Massachusetts Democrats Propose Gag Rule on Pro-Life Pregnancy Centers

As Texas continues to take greater steps forward in protecting preborn children and building a truly Pro-Life state, sadly other states are moving backwards.

In Massachusetts, House Bill 377 (HB 377) by Representative Tram T. Nguyen, is a controversial piece of legislation that has recently raised significant concerns over its potential to restrict the free speech rights of pregnancy resource centers (PRCs). This bill, also known as the Pregnancy Resource Center Gag Rule, is another example of the disturbing efforts of pro-abortion Democratic Party to hinder Pro-Lifers from offering Life-affirming support and services to women.

Tragically, HB 377 threatens to impose vague and undefined restrictions and fines on the speech of PRCs in Massachusetts, effectively silencing their Pro-Life views. This bill aims to restrict the freedom of speech of PRCs by claiming the centers may not use “deceptive advertising”, while not providing a definition for “deceptive advertising”. This lack of clarity opens the door to subjective interpretation and has the potential to allow discriminatory and unwarranted penalties for PRCs. 

By doing so, the bill threatens to suppress the expression of Pro-Life views, undermining our fundamental First Amendment rights. This restriction not only violates the principles of free expression but raises questions about the true motives behind the legislation.

Furthermore, the bill unfairly singles out PRCs, while offering preferential treatment to abortion clinics by imposing no such restriction on these groups. This disparity further undermines the principles of fairness and equal opportunity, impeding women’s right to access crucial support and information during a critical time.

If passed, this legislation would limit the comprehensive information available to women facing unexpected pregnancies, hindering their access to vital community resources they need in order to have support in choosing Life. Thankfully, Massachusetts Citizens for Life has been leading a bold effort to oppose this legislation and hopefully prevent it from passing into law.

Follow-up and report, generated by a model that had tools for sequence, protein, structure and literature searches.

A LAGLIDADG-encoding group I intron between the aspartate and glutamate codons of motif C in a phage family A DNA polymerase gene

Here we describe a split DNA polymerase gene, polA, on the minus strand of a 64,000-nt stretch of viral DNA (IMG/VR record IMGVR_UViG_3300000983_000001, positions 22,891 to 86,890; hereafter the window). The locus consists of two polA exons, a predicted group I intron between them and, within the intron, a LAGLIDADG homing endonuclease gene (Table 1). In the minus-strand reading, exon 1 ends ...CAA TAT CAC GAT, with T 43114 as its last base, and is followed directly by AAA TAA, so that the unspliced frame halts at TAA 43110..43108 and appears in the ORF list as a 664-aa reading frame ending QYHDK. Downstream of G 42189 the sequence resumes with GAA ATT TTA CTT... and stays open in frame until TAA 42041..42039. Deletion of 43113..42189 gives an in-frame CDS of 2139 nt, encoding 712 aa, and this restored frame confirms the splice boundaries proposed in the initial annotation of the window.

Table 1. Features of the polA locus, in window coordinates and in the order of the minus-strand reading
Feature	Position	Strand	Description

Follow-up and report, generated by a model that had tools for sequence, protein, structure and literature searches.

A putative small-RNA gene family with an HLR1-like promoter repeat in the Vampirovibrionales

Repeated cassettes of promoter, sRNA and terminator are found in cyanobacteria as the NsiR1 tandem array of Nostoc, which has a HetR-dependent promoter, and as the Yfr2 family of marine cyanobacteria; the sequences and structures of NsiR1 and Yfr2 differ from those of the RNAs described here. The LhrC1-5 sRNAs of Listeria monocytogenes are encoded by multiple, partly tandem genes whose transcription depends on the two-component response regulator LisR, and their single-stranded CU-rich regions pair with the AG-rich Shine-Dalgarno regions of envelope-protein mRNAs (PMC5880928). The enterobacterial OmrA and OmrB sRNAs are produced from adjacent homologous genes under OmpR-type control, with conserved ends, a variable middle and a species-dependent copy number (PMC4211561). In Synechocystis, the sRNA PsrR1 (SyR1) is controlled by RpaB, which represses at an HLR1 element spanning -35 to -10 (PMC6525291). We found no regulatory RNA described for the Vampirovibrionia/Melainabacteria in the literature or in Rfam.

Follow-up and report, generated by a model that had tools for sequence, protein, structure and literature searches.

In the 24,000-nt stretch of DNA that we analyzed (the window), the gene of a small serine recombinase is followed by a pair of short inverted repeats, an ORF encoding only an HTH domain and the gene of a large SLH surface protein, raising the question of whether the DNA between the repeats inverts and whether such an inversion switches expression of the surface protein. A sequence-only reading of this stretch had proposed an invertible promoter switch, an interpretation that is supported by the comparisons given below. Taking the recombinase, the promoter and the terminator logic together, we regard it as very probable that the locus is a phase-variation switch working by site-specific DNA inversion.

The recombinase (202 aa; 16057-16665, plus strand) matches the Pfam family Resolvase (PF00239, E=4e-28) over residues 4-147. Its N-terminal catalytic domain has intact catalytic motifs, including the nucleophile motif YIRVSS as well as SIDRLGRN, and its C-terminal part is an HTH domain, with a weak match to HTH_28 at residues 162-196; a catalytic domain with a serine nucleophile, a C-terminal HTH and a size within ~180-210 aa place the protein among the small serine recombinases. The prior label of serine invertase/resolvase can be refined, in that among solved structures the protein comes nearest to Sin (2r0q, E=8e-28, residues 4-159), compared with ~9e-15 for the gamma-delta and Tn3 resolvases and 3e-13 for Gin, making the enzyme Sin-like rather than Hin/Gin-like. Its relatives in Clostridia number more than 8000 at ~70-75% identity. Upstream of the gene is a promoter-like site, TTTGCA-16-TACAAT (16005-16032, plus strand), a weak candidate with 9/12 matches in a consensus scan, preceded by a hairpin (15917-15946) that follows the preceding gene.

HB 377 was considered in public committee on July 24, where not a single individual supporting the proposed anti-Life measure testified. Instead, 23 individuals, including a member of Texas Right to Life’s Legislative Team, testified both in-person and virtually against the bill. These voices emphasized the importance of PRCs having free speech and the need for women to have access to choices and resources offered though these centers.

PRCs play a pivotal role in providing emotional support, education, and resources to women facing unplanned pregnancies. These centers are often vital community resources that offer assistance beyond pregnancy-related matters, including parenting support, adoption services, and material aid for mothers and babies in need, such as diapers, wipes, cribs, maternity and baby clothes, and more.

HB 377 threatens to hinder PRCs’ charitable work by impeding their ability to communicate openly with those seeking help. This in turn may jeopardize the well-being of pregnant women and their babies, potentially leaving them without the comprehensive support they need to make informed decisions.

As Myrna Maloney Flynn, President of Massachusetts Citizens for Life, stated in her testimony opposing HB 377, “[HB 377] would be unconstitutional for the state to practice this clear form of censorship. Like each of you, Massachusetts Citizens for Life believes our women deserve the best possible care. But this bill is not the way to provide it.”

HB 377 is yet another example of the Left’s discriminatory tactics against PRCs and highlights that the only “choice” they see as acceptable to offer women is that of abortion. As the legislative process continues, it remains critical for lawmakers to carefully consider the implications of this bill and for citizens to diligently oppose these sort of anti-Life efforts. Such efforts will not stop at one bad bill from Massachusetts.